What’s the difference between a good life and a good job?
It might seem like a silly question. To a lot of people, having a good job is a big part of having a good life. But to the millions of people with good jobs who are still unhappy, the distinction is critically important.
We define a “good job” by a checklist of things that other people say we should want:
- Good salary
- Healthy work culture
And to be sure, all of those things are positives. But for many people, being hyper-focused on having a good job leaves them unsatisfied. Worse yet, when they see how many people would like their job, they feel ungrateful for wanting something different.
The reality is this: There’s nothing shameful about wanting something else, regardless of what you currently have.
Below I’ve written a strategy to help you admit your great job isn’t your dream job, and to start taking action to get where you want to be in life.
How To Recognize You Need To Leave
When you evaluate your job, your impulse will be to ask these kinds of questions:
- Would I make more money somewhere else?
- Do I have the skills to fit another market?
- What have I done to deserve something better than this?
The problem is, that doesn’t gauge your happiness.
Those kinds of questions are an attempt to understand how other people see you. You want to know how much the job market values your skills, how much your friends would value you if you were unemployed, and what a future employer might think of your story.
Shouldn’t you get a say in what happens to you?
To gauge your happiness, ask yourself these questions instead:
- How often did I daydream of being somewhere else today?
- When was the last time I woke up excited about work?
- What would it take for this role to be completely satisfying for me?
If you can’t recall the last day you were pumped to get out of bed, can’t imagine how this role could satisfy you, or spent your day envisioning your vacation, you aren’t happy.
Once you realize that, you have a choice. You can choose to believe you don’t deserve to be happy, or you can begin working towards the career and life that you truly want.
How To Create An Exit Strategy
When people ask me how to quit their job, I give them the same three step formula I’ve used in my life and with my clients. It looks like this:
1. Figure Out Why You Want To Leave
The first step to creating an exit strategy isn’t figuring out where you want to go, it’s figuring out why you want to leave.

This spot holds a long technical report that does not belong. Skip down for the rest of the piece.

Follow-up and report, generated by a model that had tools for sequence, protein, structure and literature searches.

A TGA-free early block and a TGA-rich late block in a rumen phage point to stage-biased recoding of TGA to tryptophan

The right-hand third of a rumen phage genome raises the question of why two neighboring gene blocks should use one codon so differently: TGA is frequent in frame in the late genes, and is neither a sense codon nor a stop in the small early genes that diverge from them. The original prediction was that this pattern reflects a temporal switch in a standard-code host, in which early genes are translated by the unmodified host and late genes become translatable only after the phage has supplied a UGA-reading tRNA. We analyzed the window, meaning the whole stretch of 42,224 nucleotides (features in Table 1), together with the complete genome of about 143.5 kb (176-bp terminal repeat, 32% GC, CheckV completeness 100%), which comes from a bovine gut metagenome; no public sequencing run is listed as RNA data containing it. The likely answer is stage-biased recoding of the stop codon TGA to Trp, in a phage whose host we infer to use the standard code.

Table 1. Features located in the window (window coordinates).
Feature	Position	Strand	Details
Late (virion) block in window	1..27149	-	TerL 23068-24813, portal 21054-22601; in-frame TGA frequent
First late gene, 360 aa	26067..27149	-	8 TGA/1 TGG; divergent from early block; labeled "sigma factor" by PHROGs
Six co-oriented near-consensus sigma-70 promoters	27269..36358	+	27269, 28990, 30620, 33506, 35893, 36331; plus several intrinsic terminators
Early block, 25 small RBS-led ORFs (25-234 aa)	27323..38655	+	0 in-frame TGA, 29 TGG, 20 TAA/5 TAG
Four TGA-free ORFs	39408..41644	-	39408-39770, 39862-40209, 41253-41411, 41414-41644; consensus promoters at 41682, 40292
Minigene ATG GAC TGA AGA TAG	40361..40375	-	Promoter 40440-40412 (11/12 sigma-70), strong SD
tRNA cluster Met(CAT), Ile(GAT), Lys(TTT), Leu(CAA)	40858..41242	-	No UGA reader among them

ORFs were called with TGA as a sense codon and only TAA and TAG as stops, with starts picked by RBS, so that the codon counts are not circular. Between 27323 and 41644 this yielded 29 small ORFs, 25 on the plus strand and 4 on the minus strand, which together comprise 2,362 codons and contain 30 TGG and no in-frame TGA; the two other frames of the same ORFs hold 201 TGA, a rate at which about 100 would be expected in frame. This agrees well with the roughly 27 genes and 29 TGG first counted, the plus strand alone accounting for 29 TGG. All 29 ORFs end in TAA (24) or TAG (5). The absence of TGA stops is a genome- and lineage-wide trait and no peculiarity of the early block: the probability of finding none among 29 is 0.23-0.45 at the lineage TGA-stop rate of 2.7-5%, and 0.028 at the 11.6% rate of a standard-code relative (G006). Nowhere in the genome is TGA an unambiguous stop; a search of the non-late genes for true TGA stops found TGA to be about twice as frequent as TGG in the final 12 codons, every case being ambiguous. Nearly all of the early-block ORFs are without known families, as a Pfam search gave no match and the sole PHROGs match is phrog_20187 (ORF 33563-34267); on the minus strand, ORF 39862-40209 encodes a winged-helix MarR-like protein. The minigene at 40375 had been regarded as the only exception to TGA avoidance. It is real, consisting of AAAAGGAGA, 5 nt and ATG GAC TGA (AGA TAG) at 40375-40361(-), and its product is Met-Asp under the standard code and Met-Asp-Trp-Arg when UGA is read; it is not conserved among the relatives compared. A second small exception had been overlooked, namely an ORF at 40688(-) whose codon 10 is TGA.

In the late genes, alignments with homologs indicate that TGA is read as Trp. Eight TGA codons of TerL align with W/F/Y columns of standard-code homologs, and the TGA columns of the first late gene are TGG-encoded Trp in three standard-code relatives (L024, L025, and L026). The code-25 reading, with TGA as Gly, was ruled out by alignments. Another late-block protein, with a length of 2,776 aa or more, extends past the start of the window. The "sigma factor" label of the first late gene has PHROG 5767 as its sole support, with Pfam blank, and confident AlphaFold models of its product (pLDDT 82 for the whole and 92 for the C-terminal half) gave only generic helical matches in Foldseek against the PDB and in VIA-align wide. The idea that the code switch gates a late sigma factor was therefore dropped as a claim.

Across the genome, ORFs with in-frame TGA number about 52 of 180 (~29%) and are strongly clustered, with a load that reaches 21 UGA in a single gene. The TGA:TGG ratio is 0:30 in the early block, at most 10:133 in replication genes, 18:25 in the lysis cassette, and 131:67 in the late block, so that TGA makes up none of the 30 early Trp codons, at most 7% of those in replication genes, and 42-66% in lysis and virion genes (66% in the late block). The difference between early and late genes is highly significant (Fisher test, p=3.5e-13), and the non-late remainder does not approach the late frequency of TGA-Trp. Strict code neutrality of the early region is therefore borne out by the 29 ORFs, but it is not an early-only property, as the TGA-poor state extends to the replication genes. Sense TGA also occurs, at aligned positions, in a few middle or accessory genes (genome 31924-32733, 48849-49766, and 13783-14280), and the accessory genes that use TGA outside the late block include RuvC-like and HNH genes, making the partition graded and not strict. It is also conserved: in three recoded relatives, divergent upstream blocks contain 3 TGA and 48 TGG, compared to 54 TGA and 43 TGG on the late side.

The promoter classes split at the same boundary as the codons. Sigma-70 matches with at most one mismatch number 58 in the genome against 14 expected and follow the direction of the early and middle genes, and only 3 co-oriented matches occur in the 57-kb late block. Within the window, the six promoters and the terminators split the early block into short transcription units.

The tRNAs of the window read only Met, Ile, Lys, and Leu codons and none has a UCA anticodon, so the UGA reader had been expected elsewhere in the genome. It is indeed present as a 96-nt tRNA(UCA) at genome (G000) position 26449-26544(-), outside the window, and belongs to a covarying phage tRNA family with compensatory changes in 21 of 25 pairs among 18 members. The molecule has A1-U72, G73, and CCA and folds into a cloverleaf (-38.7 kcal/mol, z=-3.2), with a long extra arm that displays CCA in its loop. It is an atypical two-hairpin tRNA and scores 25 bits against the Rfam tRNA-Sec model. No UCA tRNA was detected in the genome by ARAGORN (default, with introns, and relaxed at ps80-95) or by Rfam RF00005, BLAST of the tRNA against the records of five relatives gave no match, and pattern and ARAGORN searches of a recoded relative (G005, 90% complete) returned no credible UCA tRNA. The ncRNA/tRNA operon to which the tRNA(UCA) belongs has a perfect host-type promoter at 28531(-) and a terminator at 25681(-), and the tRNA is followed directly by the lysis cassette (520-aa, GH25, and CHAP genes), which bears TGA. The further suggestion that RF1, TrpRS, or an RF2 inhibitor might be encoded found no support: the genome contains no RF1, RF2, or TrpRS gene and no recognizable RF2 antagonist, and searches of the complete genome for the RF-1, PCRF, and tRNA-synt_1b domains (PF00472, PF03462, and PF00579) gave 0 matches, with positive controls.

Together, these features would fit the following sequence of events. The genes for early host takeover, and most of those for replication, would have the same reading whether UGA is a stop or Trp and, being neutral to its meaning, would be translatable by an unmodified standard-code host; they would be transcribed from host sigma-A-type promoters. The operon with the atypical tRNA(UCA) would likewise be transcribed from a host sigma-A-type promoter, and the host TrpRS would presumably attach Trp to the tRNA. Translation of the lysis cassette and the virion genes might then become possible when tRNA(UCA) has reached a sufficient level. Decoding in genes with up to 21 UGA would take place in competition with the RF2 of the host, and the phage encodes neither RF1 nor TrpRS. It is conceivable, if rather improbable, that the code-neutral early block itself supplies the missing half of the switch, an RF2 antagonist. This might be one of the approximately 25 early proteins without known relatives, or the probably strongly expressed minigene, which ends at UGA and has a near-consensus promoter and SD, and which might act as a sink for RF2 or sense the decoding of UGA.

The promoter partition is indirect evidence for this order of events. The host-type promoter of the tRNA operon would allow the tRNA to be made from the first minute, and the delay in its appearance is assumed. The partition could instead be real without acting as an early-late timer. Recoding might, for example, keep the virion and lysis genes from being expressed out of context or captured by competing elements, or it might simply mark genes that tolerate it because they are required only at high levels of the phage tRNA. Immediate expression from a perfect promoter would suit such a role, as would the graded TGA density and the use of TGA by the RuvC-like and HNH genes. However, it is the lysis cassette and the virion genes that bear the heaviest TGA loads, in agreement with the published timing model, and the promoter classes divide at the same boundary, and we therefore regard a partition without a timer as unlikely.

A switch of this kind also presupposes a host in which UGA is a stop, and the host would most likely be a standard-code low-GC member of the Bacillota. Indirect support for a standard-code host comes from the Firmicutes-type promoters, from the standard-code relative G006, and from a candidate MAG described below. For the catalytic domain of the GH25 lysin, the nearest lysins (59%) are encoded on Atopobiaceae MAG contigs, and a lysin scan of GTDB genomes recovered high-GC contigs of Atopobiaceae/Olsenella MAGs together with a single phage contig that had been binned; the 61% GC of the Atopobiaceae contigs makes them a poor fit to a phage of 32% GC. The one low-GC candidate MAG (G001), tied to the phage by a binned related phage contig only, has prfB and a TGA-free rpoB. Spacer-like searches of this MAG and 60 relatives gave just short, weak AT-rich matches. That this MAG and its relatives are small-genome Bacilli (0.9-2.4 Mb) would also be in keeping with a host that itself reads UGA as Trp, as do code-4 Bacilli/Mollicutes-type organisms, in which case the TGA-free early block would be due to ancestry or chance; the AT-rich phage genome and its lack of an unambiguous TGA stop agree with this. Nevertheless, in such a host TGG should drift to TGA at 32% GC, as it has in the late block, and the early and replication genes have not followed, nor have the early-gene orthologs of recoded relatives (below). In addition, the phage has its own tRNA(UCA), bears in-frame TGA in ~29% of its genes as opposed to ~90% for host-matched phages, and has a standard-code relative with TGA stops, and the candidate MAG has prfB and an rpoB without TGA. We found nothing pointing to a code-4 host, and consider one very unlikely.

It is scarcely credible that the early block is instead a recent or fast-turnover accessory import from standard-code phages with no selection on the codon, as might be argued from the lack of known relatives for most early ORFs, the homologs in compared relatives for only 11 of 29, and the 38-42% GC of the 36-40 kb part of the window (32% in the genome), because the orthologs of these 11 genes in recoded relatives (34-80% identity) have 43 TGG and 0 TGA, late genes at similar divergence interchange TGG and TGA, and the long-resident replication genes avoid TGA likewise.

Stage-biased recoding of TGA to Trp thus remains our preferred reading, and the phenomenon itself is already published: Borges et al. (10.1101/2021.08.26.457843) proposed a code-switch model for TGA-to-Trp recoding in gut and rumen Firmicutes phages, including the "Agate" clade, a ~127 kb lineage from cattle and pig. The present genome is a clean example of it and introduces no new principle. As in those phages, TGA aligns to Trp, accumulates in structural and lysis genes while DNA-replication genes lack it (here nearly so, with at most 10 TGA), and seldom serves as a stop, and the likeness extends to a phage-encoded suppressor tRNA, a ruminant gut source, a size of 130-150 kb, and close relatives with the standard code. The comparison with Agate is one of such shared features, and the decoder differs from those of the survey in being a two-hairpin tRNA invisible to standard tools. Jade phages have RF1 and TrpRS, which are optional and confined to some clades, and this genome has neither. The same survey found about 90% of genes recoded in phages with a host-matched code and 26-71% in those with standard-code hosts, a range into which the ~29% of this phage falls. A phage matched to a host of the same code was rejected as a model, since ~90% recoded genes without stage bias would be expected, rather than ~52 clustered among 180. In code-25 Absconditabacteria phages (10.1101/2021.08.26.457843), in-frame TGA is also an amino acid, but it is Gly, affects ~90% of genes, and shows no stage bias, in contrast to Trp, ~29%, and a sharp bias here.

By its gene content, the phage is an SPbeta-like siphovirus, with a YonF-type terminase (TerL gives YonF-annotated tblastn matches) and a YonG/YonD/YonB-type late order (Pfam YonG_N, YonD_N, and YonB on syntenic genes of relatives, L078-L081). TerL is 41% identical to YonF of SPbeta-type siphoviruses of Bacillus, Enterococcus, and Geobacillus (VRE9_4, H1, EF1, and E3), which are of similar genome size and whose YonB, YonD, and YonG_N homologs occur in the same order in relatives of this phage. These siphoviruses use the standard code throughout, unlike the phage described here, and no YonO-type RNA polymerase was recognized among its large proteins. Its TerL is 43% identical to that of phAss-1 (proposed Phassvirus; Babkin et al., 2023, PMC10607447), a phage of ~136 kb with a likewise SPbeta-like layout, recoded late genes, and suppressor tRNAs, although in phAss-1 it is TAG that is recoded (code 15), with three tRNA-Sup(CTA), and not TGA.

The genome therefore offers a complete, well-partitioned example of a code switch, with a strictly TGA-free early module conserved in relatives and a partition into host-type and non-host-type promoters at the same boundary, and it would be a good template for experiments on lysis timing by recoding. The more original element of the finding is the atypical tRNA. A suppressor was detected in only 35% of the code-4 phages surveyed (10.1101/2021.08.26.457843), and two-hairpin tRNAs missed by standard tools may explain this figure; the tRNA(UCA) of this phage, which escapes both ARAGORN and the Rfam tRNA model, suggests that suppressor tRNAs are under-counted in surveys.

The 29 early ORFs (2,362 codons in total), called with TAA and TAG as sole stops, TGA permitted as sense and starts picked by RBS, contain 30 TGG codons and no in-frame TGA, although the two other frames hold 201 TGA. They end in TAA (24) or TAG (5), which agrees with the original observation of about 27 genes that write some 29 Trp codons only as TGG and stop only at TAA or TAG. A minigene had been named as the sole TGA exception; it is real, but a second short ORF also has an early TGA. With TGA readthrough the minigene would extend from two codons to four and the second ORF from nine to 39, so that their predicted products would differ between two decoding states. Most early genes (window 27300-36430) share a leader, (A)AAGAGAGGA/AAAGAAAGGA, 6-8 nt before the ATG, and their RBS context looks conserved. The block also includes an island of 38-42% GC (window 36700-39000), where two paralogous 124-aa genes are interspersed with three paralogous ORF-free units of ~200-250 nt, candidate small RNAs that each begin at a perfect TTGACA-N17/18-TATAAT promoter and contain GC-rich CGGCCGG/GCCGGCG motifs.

Be self-aware throughout your day, and anytime you find yourself putting off a task you hate or feeling drained, write down what caused it. Doing this will give you a list of things to avoid when setting goals.
2. Decide What You Want
There’s a mental flip here. Once you know what you don’t want in your job, it’s much easier to define what you do want in your dream job.
This sounds simple in theory, but many people go about it the wrong way.
The #1 mistake people make when deciding what they want is that they make it too big. They try to imagine what they want to have achieved 10 years from now, and it overwhelms them.
Imagine what you’d like to do tomorrow. If you could walk into a job tomorrow and be happy, what would it be? There are no wrong answers here, you can say “investment banker” or “ice cream truck driver.”
3. Focus On What You Can Achieve Today
The final step to your exit strategy is the hardest. You have to wait.
To get what you want, you’ll undoubtedly have to learn new skills, acquire new experiences, and forge connections with new people.
All of that takes time, and you inch your way there every day by asking yourself questions like, “What can I do today that will move the needle in my life?”
Ask yourself that question constantly, keep taking action, and over time you’ll get where you want to be.
How To Leave Without Burning Bridges
The final fear that holds people back from leaving a job is typically this:
“I’d be betraying my friends and teammates if I left.”
Everyone wants to be a good team player. No one wants to make an enemy. But quitting a job isn’t the same thing as betraying your team or sleeping with your best friend’s spouse.
The key here is to be honest and compassionate in your relationships before you quit. Then, when you decide it’s time for you to leave, the people you work with will mirror that compassion back to you.
Let me give you an example. When I decided to leave my job as a VP at Goldman Sachs, I walked into my boss’ office and simply said, “It’s time for me to leave.”
We had a long discussion about my motivations, and when it was clear to my bosses that I was making the right decision (for all of us), they wished me well.
We’d built an honest and compassionate relationship, and so when I left they didn’t only ask, “How does this affect me?” They asked, “What can we do to help you?”
You deserve to be happy and excited about what you’re doing today, not where you might be in 10 years. If you build a good relationship with your teammates, they’ll support you in finding that happiness.